Machine Binding Tutorial

For many years I sewed my quilt binding onto the front of my quilts by machine, then sewed the back edge down by hand. I enjoyed the whole ritual and used to look forward to spending a whole evening with a quilt on my lap, slowly stitching the binding on whilst watching Netflix. A quilt is supposed to be a labour of love after all. 

As my design work got busier, my commitments and deadlines started piling up. I was working on a quilt one day for a paid partnership and I realised I didn't have enough time to sew the back by hand. So I had a go at machine stitching it instead. It was far from perfect, but I had it done in half an hour and met my deadline! I'm sharing my method with you today, as I've had a lot of questions on Instagram after sharing a binding photo recently. This method is not only a massive time saver but also produces more durable quilts that can withstand many, many washes and you don't need to worry about the binding unravelling and needing repairs. 


Watch the video here

1. Cut your binding strips 2 1/4" wide, cross grain. 2 1/4" is my preferred width of strip as it produces a neater finish on the back, without a big 'flap'. I've always cut my binding strips cross grain rather than bias for standard rectangular quilts, in fact often I cut the strips straight from the bolt. I find bias strips overly stretchy for my binding method. If you aren't familiar with these terms this is a helpful article

2. Join the binding strips with diagonal seams, as shown.  Trim excess fabric 1/4” away from the seam, press open .Press the entire binding in half lengthwise, wrong sides facing. 
3. Starting half way down one side of the quilt, place the binding strip on the right side of the quilt, raw edge to raw edge. Leave a 6" tail of binding at the beginning, then sew the rest onto the quilt, with a 1/4” seam, mitreing the corners. Leave a 6" tail at the end of the binding also. Join the two tails of the binding with a diagonal seam (as above), press with iron down onto the quilt, and finish stitching it down with a 1/4" seam.

(Note: Up to this point this is pretty much the universal method for binding a quilt and there are many video and picture tutorials on the Internet if you are a beginner. I wanted to include these steps in this tutorial for completeness.  My machine binding method and my video below focuses on the rest of the binding process.)

4. You will need three quilting clips for the next step. I use Clover Wonder Clips but there are other brands out there, and I heard of people using bulldog clips for this also. Place the quilt on a flat surface, right side up, and fold over the binding to the back, as tight as you can so there is no 'gap' between the edge of the quilt and the binding. Clip. Repeat ~5 inches  below, folding over and clipping again, and then one more time 5 inches below the last clip. This is the most important part of the process and takes a bit of practice till you get used to it - if you don't fold back the binding sufficiently your stitches will not catch the binding on the back and you will end up with unsewn gaps.

5.  Place the quilt on the machine with the foot right below the first clip. I just use a regular sewing foot but you can use a walking foot also if you prefer or if you use high loft batting. Sew in the ditch with a 3 mm stitch length as close to the binding as you can get, without sewing over it.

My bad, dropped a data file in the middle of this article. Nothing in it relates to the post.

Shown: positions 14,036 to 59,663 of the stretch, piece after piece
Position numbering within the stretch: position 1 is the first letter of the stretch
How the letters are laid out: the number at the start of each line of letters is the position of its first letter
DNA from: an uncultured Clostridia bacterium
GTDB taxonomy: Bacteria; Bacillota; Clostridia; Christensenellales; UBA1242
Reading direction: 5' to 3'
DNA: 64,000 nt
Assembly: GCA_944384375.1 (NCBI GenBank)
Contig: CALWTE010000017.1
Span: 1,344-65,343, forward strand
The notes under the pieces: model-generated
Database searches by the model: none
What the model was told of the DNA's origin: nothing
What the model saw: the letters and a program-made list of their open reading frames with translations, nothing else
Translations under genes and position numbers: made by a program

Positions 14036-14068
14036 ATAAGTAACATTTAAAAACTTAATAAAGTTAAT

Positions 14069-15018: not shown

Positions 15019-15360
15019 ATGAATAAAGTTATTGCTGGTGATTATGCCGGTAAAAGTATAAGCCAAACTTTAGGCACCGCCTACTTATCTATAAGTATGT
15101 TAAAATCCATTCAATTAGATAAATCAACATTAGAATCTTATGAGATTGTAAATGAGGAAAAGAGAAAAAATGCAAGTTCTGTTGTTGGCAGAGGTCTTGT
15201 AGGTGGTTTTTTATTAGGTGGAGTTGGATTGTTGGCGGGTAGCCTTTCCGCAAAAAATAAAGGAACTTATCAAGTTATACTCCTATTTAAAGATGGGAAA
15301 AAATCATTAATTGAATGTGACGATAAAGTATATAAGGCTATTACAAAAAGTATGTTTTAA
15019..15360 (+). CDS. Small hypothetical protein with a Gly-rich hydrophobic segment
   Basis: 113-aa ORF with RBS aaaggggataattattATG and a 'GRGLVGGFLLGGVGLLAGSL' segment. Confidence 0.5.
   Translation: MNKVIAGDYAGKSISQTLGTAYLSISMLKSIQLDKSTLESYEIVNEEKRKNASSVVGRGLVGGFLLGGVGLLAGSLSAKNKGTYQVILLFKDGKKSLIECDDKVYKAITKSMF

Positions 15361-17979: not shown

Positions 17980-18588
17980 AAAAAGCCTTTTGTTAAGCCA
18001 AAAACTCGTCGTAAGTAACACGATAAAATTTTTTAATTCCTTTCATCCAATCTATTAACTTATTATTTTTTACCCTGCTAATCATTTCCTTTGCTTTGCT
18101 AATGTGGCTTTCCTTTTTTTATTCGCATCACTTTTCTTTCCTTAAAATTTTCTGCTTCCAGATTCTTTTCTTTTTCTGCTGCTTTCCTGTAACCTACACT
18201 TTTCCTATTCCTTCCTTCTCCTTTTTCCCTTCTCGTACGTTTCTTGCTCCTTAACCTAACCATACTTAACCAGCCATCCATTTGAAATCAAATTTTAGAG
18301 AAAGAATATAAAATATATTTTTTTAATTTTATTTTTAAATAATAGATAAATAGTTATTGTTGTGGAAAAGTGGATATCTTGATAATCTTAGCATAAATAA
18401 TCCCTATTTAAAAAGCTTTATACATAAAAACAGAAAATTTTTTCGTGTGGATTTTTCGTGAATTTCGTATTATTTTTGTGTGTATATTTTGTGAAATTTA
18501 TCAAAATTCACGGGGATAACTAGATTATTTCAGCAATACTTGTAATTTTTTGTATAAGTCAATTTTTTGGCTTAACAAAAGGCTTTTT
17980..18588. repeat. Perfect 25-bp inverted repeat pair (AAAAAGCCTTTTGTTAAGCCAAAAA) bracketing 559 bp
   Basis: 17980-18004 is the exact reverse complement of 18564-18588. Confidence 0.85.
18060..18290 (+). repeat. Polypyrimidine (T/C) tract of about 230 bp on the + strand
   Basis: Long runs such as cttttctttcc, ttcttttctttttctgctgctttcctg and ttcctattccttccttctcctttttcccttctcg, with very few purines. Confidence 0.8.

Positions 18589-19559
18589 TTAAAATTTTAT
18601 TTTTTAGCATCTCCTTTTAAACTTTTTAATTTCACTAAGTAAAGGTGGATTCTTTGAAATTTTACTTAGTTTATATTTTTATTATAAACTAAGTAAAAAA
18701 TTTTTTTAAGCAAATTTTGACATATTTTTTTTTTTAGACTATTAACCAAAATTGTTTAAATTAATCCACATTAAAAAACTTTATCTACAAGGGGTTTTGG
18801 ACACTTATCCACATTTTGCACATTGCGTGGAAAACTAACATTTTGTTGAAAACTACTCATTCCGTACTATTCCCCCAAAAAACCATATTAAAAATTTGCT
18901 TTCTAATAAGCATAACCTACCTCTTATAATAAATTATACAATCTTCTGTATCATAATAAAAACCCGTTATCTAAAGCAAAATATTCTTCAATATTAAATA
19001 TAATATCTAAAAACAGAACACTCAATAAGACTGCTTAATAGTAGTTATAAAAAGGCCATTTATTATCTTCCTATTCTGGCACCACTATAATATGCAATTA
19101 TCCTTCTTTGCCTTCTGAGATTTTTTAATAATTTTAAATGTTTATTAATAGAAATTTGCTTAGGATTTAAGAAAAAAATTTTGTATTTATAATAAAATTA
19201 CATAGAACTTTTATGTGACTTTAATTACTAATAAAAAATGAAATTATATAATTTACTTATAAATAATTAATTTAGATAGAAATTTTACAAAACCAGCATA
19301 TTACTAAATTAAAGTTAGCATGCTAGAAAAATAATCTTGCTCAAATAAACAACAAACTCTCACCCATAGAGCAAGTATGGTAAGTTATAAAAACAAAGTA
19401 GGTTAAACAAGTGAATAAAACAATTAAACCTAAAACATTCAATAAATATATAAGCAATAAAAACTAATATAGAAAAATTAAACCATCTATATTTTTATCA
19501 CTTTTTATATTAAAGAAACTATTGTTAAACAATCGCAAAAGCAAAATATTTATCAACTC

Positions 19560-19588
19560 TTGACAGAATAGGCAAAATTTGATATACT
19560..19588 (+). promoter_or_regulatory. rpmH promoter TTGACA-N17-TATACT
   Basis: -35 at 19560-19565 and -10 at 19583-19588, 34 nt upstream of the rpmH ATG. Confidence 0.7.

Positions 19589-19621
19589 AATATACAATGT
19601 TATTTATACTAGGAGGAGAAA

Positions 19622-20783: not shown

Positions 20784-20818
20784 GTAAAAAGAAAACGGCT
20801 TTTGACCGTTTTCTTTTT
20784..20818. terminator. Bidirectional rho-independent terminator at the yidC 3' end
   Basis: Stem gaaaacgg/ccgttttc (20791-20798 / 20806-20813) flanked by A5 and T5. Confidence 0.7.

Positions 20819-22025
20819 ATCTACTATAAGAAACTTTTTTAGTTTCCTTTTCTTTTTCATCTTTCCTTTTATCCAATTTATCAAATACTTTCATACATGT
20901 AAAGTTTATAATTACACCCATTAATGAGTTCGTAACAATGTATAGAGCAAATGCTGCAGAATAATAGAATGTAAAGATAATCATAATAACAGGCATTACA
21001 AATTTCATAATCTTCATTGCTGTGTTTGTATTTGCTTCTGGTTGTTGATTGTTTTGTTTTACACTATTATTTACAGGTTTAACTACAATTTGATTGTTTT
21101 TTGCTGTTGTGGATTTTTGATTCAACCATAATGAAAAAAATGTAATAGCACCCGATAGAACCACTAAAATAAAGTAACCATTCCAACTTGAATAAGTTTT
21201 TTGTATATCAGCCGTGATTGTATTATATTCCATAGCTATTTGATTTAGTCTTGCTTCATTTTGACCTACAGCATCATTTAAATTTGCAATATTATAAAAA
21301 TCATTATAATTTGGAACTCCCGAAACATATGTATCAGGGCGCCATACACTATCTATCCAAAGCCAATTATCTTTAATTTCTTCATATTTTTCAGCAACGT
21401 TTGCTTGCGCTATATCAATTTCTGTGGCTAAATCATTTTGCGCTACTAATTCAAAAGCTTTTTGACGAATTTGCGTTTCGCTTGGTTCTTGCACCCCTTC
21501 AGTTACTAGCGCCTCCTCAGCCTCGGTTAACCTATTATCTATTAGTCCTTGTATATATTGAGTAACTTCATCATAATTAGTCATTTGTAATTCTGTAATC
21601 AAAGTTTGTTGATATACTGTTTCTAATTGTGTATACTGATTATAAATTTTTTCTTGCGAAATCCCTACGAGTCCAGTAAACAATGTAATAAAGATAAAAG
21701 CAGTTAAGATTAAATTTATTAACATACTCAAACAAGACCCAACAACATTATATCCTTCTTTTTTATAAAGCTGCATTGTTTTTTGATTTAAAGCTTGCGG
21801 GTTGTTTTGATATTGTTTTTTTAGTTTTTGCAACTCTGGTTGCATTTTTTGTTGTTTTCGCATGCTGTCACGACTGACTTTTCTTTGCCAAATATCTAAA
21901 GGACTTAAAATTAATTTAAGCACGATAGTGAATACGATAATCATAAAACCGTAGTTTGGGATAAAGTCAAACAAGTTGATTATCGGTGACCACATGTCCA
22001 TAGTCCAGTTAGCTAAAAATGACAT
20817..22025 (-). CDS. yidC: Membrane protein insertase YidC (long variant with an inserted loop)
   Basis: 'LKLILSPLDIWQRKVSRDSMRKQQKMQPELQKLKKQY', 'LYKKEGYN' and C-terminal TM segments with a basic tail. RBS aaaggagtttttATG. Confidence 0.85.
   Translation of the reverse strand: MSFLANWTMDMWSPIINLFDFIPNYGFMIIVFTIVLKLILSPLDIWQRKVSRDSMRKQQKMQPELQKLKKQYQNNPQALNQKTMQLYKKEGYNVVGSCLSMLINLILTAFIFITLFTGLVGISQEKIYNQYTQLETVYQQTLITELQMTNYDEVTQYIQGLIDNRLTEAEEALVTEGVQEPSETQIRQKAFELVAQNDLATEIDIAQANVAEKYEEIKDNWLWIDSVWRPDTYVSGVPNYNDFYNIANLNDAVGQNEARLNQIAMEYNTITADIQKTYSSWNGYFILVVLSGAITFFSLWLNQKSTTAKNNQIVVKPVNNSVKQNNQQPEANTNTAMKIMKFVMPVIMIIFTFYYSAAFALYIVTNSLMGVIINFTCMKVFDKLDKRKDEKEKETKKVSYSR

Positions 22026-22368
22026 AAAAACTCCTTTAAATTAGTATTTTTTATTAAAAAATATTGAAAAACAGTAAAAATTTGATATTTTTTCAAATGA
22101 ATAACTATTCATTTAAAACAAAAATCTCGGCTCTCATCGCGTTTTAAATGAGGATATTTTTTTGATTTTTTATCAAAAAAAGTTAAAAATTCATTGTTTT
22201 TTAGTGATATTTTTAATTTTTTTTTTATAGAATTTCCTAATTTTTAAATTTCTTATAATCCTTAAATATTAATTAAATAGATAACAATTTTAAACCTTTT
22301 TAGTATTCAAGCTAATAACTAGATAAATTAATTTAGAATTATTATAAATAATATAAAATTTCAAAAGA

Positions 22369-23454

6. Keep stitching down the length of the binding, go as slowly as you need to, making sure your stitch line remains right up against the binding edge. Slide the clips down as you go. Periodically stop to repeat step 4, folding over the edge of the binding to the back and clipping. 

7. When you get to a corner, first fold over and clip the binding on the lower edge, then mitre the corner. You will notice in the video below that I first mitred the corner in one direction, it didn't sit quite right so I mitred it the other way and the corner looked sharper. There is no 'right' direction of mitreing so do what works and looks best. Put a clip on the corner to hold the mitred fold in place. Keep sewing all the way to the corner, right into it (and in fact you may even want to go a small stitch in onto the binding then back one stitch, if you want to absolutely make sure the corner is secure). Stop with needle down, turn the quilt 90 degrees and keep going as before. 

You should end up with a binding that's neat and even on the back. It does take some practice, so don't be discouraged if your first effort doesn't look as even.


The video below shows the whole process from step 4 onwards. 


- If you end up with unsewn gaps on the back, just unpick the stitch line up to an inch before the gap, fold the binding over tightly, clip, and repeat the process. If the gap is very small e.g. less than 1/4" you can just put a stitch or two in there by hand. 

- If you are using a very high loft batting, or really struggling to catch the edge of the binding on the back, with lots of unsewn gaps, try cutting your strips 2.5" wide instead. That should give you a bit more room for error as there will be more fabric on the back for your stitch line to catch. 


For those of you who asked on Instagram - this is the mini quilt I was binding! It's an old project from my WIP drawer that I dug up for this tutorial. It's a free block designed by Lori Holt - you can download the pattern here. The fabrics are a mix of prints from my stash, most of them over 5 years old.

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